In 2004, after the Islamic Republic of Afghanistan was established, Mr. Saleh was appointed by President Karzai the head of the NDS. The years he spent as the Northern Alliance’s intelligence liaison officer came in handy. Mr. Saleh had developed close contacts with the CIA, the RAW and other regional intelligence agencies. He recruited Pashtun agents and deployed them across Afghanistan and even inside Pakistan to infiltrate into the Taliban networks.
He launched a frequent intelligence briefing for the President. The objective was to build a vibrant intelligence community in Afghanistan that could foresee and neutralise threats from the Taliban and al-Qaeda. His relentless pursuit of the jihadists earned him a reputation as being the Taliban’s top enemy in Kabul. The insurgents carried out multiple assassination attempts on him, the most recent one being in September 2020.
In 2011, after Bin Laden was killed in Pakistan’s Abbottabad, Mr. Saleh said the NDS had reached the conclusion as early as 2004 that Bin Laden was in one of Pakistan’s residential areas. In 2006, he had brought it to the attention of Gen. Ashfaq Parvez Kayani, who was then the ISI chief, at a conference in Bagram. Mr. Kayani was angry. ‘I don’t need to be taught intelligence by someone the age of my son,” he said, according to Mr. Saleh.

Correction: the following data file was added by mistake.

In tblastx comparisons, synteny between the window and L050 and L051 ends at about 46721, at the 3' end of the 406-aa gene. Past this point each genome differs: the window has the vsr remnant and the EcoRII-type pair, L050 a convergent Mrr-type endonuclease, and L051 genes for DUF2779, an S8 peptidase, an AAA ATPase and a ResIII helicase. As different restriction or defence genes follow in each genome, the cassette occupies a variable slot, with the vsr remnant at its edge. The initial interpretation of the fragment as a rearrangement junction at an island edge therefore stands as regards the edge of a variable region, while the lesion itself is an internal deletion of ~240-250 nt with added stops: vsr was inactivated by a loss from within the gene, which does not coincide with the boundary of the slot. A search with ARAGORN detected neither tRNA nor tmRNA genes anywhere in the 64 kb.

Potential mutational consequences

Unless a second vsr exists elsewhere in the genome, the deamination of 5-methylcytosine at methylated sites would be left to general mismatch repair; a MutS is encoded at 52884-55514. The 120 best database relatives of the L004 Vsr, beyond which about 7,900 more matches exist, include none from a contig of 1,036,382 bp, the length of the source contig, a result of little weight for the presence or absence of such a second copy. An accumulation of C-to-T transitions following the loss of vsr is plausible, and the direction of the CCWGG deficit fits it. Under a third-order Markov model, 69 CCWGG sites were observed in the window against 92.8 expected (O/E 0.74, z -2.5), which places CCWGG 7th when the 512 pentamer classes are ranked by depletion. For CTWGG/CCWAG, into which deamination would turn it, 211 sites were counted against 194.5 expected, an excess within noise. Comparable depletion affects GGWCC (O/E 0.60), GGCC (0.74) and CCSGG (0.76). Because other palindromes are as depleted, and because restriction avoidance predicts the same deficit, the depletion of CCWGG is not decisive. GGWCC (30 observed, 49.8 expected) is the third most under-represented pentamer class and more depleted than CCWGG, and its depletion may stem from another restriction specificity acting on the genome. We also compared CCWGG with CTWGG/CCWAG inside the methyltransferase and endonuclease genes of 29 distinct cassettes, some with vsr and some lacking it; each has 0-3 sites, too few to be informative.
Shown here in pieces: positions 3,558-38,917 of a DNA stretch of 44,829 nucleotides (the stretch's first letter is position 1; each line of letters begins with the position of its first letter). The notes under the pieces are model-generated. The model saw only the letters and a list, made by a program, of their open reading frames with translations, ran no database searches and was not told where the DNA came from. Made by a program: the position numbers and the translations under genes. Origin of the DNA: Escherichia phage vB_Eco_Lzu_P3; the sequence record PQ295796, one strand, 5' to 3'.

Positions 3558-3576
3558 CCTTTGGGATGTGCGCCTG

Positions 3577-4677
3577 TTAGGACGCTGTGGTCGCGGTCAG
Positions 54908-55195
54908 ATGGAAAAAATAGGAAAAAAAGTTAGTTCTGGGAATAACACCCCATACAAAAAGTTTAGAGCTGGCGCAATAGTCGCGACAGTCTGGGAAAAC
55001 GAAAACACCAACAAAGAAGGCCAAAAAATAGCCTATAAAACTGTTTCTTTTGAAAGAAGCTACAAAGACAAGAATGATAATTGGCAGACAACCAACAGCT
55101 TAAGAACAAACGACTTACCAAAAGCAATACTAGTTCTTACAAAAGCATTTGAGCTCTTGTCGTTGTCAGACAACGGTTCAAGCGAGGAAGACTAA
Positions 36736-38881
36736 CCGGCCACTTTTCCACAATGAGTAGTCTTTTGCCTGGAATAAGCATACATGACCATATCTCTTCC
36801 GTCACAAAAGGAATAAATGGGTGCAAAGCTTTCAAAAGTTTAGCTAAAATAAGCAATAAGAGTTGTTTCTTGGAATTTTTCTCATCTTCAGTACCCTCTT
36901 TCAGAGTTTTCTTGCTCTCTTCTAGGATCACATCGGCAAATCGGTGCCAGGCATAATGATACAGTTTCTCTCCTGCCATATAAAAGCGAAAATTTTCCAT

But he continued to pursue the thread. In a summit between President Karzai and Pakistan’s dictator Gen. Pervez Musharraf, Mr. Saleh brought up the Bin Laden issue again. “Why have you have brought this Panjshiri guy to teach me intelligence,” a furious Musharraf told Mr. Karzai, Mr. Saleh told The Guardian .
The warm relationship between Mr. Karzai and Mr. Saleh did not last long. When Mr. Karzai started looking for a dialogue with the Taliban, Mr. Saleh fell out with him. In 2010, he resigned as the NDS chief. Mr. Saleh believed that the Taliban problem would not be resolved unless the Taliban were disarmed and reintegrated into society. And he remained a strong advocate of the use of force against the Taliban, despite allegations of high casualties from aerial attacks.